Tips for reducing waste
According to the Swiss Federal Office for the Environment, Swiss citizens produce over 700 kg of waste per person per year. Together, we need to take action and protect the environment by lowering our personal waste output.
Tip 1: prevention
The best way of dealing with waste is simply not to generate it in the first place, for the sake of the environment and our wallets. Opting for items without excessive packaging when doing your regular shopping can help to lower your personal waste output. Be aware of how things are packaged in terms of quantity of material and the possibility of recycling, or whether fresh produce needs to be packaged individually.
We’ve put together a few tips below to help you generate less waste in your day-to-day life.
Avoid single-use packaging
- Buy yoghurt, oil, vinegar and sauces in recyclable glass containers.
- Avoid extra plastic bags.
- If buying items such as tissues, avoid individually wrapped products.
- If single-use packaging is simply unavoidable, opt for cardboard.
Bring your own tableware
Use reusable cups, plates, bowls and cutlery. Lots of take-aways now offer customers a discount if they bring their own containers to fill up.
Avoid food waste
- Draw up a meal plan and shopping list. Think about how many people will be eating at your home over the coming week, what’s in the fridge at the moment and what fresh produce you need to top up the things you already have.
- Fresh produce is fine to freeze – for instance, you could freeze leftover bananas and other fruit and add in some oats later for a delicious breakfast smoothie. Check out this scrumptious recipe for inspiration (in German).
- When working out an item’s shelf life, you don’t just have to go by the best before date printed on it; apply your own common sense, too. Food is often fine to eat after the expiry date without any risk to your health or loss of taste.
- Food sharing: there are now all sorts of initiatives out there for swapping food or giving it away. The people behind the foodsharing online platform will show you what the term means and places where food can be exchanged.
Drink tap water
Microplastics have increasingly been found in PET plastic bottles. Tap water is the most rigorously monitored foodstuff in Switzerland, so it is absolutely safe to drink. Cutting out mineral water or soft drinks in PET plastic bottles saves energy and reduces waste.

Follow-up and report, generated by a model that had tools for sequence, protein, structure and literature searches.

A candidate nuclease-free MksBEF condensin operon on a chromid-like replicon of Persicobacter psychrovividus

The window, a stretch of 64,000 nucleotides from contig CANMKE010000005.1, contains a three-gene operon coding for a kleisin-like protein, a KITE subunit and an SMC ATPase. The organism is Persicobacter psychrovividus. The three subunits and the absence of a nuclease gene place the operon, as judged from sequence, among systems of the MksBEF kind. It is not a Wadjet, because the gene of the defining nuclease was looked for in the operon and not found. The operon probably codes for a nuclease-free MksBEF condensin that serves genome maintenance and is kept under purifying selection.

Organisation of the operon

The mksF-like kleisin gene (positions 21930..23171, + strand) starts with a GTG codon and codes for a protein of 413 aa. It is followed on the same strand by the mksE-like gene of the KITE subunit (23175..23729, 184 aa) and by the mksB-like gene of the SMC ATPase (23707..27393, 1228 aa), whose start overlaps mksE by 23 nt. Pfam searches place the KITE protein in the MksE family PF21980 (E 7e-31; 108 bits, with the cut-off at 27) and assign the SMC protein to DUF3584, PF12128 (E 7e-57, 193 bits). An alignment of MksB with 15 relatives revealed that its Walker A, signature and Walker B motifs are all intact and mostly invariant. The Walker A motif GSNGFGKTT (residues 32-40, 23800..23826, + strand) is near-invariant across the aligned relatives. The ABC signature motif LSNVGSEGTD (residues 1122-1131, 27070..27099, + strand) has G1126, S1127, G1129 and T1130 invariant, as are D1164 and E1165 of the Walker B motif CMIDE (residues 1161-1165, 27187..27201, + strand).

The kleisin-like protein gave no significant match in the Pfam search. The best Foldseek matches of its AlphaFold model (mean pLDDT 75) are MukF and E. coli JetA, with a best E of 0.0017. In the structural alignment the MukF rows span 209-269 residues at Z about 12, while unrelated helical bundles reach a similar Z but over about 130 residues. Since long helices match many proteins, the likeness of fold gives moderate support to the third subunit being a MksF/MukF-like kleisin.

Opt for quality over quantity. As a prompt, ask yourself the following:
- Do I really need this piece of clothing? People often have countless variations of the same item.
- Where do the products that I’m buying come from? Choose locally grown, seasonal produce where possible (so as to avoid long transportation routes).
- Is there a seal of quality? The official Fair Trade and Biosiegel (eco seal) markers stand for sustainability and fair production.
Tip 2: reduction
Why not go for reusable bags, rather than the plastic version? There are all sorts of preferable alternatives: refill packs, glass drinking straws and recyclable stainless steel coffee pods, to name but a few.
Extra tip: unsubscribe from catalogues and advertising brochures
Do you tend to get your information online? You may still be getting a lot of leaflets, catalogues or magazines through the post that no longer interest you. You can usually switch to online-only communications by sending a brief email or selecting an option on the brand’s website.
Tip 3: recycling
If you can’t avoid certain types of waste, make sure that you can dispose of it in as environmentally friendly a manner as possible. Separate your waste whenever you can. The following recyclable materials can be separated and disposed of for free (see www.recycling-map.ch/en for your nearest disposal point).
Extra tip: organise in waste bags
Waste bags, which come in recycling sets, help you to separate and dispose of recyclable materials easily. They are available from IKEA, WWF Switzerland and other providers.